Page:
Our first drive into Nashville took us down Broadway past the U.S. Customs House (right, below) and the First Baptist Church (right center, below).
The orchestra level seating can be transformed from rows of theater-style seating to a 5,700-square-foot hardwood ballroom floor, typically used for cabaret-style events such as pops and jazz concerts. A unique motorized system lowers rows of seats into a special storage space below the surface of the ballroom floor.
This statue represents an expression of the Nashville Symphony's gratitude to the citizens of Nashville for the Center.
Nearby is the Music City Walk of Fame.
We headed up 5th Avenue toward the Ryman Auditorium (center, photo below) to learn more about Tootsie.
"Since Tootsie and Big Jeff already knew plenty of folks in the business from their performing and bartending, and their then-teenage son Steve was playing drums in Ray Price's band, it took no time at all for musicians to start showing up at Tootsie’s Orchid Lounge.
"That some of the Opry performers used to duck out the Ryman's backstage door between shows, slip across the alley and have a few beers in Tootsie's industry-only back room would've been enough to earn the bar a place in country music lore.
"But catering to the likes of Faron Young, Webb Pierce and Patsy Cline was only part of the story. The Orchid Lounge made the biggest difference to a group who weren't stars, at least not yet--the songwriters.
"'She loved songwriters more than she loved the stars,] (Bobby) Bare says. 'The stars got the huge egos and they'd throw it around a lot. She had a soft spot for songwriters. And musicians. There's no telling how much money she loaned Roger [Miller] and people, you know, who would come in broke. And feed them.'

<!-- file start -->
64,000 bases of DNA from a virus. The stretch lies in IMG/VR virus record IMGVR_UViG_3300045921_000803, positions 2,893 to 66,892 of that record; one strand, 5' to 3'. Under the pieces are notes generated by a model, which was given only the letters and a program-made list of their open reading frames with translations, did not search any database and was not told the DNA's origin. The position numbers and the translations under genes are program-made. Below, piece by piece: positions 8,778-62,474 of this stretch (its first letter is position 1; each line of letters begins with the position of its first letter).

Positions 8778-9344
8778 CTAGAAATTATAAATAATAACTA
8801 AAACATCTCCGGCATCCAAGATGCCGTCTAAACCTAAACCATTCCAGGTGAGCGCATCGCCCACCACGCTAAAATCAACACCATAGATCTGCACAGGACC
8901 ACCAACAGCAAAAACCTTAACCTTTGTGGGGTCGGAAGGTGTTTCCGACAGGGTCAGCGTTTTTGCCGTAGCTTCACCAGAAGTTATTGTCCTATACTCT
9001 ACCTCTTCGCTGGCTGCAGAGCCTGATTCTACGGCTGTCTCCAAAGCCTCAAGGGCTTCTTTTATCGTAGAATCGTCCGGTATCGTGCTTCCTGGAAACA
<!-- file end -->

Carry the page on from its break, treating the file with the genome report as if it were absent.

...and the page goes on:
"Professional break or no, what could always be counted on at Tootsie's was the motherly generosity of Tootsie herself. She ran (and ran and ran) tabs for those who weren't having much luck getting cuts or gigs. She made sure they got fed too. Almost as much fried chicken, biscuits and chili went on those tabs as beer.
Willie Nelson, Roger Miller, Kris Kristofferson, Mel Tillis and Tom T. Hall are in that group of songwriters that Tootsie helped.
"It was said she had a cigar box behind the counter full of IOU's from where she had given drinks and food to hungry writers and pickers. Supposedly, at each year's end, a bunch of Opry Performers would take all the IOU's and pay Tootsie so she wouldn't lose the money" (Jewly Hight at http://www.nashvillescene.com).
Tootsie certainly contributed to Nashville's music scene and the success of many songwriters. And deserves that star.